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The Underdog

By Allan Maki - Calgary Herald
September 21, 1997

Sure, you love him now. He's the greatest. Number one in your hearts. But wait until Christmas. Or February. Some of you will feel differently then. You'll be sneering at him. Shaking your heads after every goal he lets in, screaming for his backup to take over.
It happened to Pat Riggin. He went from fan favorite to the fans' favorite target at the drop of a puck. Dan Bouchard, Don Edwards, they were as popular as foot odor before they left Calgary. Reggie Lemelin? He was OK for a while, but he wasn't good enough to win a championship. Mike Vernon was, and he had to leave town. Trevor Kidd, too.
So why should the latest hero of the moment, Rick Tabaracci, think he's going to stay the people's choice for very long? Doesn't he realize goalies in this city are eaten up and tossed aside like chicken bones on 10-cent-wing-night? How long will it be before the Flames have to crank up the music during the player introductions so Tabaracci won't hear the catcalls raining down on his head?
Tabaracci doesn't know, and frankly, he's not worried about it. He sees success ahead, not failure. His approach to the coming NHL season is as straight-on as a Brett Hull slapshot -- you work hard, keep your nose clean and never surrender. The Flames may not win every game, Tabaracci says with a hard stare, but the effort to win will always be there. Starting in goal.
It's the only way he knows how to play.
"I can tell you what it's like: in all of sports, everybody loves the underdog. He's the favorite to cheer for. I've been that guy for a number of years and I'm going to continue to play like an under dog," he says.
"You know how people say the glass is either half-full or half-empty? I believe the glass is half-full. I'm a positive person. I think this is the beginning of great things, I really do. I'm not worried about this season. I'm excited."
It's still only the exhibition season. All kinds of players are saying all kinds of wonderful things about their team, except that in Tabaracci's case you can believe him when he talks about giving his all and playing like an underdog. The guy's been one his whole career. He's had to scrap for everything. For a chance to play in the NHL. For a shot at being a starting goaltender.
In Pittsburgh, where he was the second goalie taken in the 1987 entry draft, he got one game with the Penguins before being traded. In Winnipeg, he got his chances, but wasn't ready for them. "I hadn't learned the position," he admits.
In Washington, he was always injured. His first go-round in Calgary, he played extremely well, but was traded to Tampa Bay. Tampa then traded him back to Calgary this past off season.
Six transactions in nine years and always the same mentality: Never give up. Tabaracci says he got that from his mom and dad, a couple of working-class Torontonians who sacrificed plenty to make sure their two boys could play hockey.
"My mom worked. My dad left the house at 7 a.m. and at night (after work) would go straight to the arena to watch me play. My mom would bring him a sandwich and a thermos of coffee. They gave a lot. My dad spent 36 years painting cars in a garage. They taught me about work ethic.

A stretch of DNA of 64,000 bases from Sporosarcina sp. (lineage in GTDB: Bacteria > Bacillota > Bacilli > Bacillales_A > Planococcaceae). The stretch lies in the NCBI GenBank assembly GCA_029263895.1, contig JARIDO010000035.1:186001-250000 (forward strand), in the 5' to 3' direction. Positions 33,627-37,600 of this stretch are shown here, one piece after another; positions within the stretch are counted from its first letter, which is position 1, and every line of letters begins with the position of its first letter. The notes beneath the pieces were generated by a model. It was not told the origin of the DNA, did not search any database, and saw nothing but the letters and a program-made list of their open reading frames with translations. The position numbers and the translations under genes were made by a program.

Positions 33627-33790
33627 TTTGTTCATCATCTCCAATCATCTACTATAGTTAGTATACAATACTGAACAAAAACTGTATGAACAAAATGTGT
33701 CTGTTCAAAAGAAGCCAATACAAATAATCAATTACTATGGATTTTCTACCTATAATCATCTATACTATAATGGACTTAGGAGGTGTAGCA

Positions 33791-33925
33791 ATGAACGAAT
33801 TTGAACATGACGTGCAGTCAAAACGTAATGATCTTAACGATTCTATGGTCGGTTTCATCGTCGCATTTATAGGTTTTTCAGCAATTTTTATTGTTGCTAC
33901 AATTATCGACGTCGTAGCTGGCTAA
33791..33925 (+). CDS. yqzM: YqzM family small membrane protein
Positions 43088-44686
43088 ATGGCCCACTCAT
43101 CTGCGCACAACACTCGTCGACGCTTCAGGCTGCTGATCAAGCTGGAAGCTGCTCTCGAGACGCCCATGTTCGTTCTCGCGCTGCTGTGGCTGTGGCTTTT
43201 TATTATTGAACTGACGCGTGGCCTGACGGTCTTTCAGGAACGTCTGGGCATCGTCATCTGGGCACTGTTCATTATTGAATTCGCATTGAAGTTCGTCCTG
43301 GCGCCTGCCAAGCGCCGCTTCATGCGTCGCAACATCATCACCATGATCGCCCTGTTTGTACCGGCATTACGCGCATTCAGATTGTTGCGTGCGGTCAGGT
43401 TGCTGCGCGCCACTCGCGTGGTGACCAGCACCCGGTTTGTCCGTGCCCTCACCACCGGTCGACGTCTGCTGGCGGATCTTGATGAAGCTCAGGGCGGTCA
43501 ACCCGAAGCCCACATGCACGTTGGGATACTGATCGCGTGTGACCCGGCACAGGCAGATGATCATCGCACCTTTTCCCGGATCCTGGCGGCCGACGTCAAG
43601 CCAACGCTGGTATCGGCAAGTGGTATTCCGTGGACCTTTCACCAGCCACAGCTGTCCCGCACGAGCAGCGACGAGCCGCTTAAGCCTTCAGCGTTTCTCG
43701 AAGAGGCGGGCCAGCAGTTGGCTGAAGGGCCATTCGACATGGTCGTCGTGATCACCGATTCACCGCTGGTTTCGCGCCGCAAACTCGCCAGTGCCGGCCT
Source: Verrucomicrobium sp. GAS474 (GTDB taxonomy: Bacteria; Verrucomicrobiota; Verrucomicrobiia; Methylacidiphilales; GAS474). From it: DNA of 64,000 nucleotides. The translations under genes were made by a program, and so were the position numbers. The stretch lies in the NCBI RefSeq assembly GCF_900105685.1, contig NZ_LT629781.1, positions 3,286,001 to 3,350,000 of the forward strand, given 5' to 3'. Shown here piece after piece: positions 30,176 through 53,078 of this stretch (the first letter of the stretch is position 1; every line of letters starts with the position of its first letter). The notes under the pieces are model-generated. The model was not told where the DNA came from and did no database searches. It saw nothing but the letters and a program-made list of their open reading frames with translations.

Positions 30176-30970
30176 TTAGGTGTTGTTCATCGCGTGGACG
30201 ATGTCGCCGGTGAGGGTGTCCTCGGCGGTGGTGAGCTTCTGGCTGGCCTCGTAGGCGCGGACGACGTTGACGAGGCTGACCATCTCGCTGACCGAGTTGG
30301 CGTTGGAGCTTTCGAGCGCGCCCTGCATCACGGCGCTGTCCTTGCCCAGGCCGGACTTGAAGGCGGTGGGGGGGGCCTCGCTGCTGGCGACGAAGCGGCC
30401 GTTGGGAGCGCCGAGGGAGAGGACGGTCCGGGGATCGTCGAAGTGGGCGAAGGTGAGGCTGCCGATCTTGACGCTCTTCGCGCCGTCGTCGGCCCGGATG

"I always felt I was cheating them if Iwasn't giving my best. They were the biggest influence on me."
Tabaracci has given his best wherever he has played, but it was his last playoff start here that should have been his call to glory. Calgary's Game 4, triple-overtime effort against Chicago in the spring of 1996 was the highlight performance of Tabaracci's career. He made save after save against the Blackhawks until finally the Flames lost 2-1 on a silly screwup by defenceman Trent Yawney.
Had the Flames won, all doubts about Tabaracci's ability to be the man would have been erased. It would have been his signature game, his touchstone.
"It was a great game," Tabaracci says wistfully.
Has he ever watched it on videotape?
"No. Maybe in a few years, but not now."
Tabaracci bears no ill feelings towards the Flames for trading him to Tampa, although he knew soon after checking in with the Lightning he was only there until Daren Puppa got healthy. Coming back to an organization where he enjoyed friendships and success is sure to reep rewards.
Tabaracci, now 28, needs a team that has confidence in him. The Flames need his puck handling skills, the way he communicates with the defencemen and, most importantly, his relentless competitive streak.
That's why he's not worried about being booed and hissed at. Even in the bad times, Tabaracci is a battler; a guy who plays like Claude Lemieux with a toothache. Some of you will rant when he lets in a soft goal, but the angriest man in the building will be the one wearing jersey No. 31. He'll be looking for a way to get better. He'll be one of the first ones on the ice at practice the next day and the last to leave.
His parents taught him well. Even you hecklers in the crowd can't jeer that.
"Those other (Calgary) goalies, I don't think it was all on-ice stuff that dissolved their relationship with the fans. I don't think people turn on you unless something happens," says Tabaracci. "Besides, I think we're going to do well this season. We're going to be intense. We've got some big defensemen who can skate and we're not going to be very easy to play against.
"I plan on keeping that underdog mentality."

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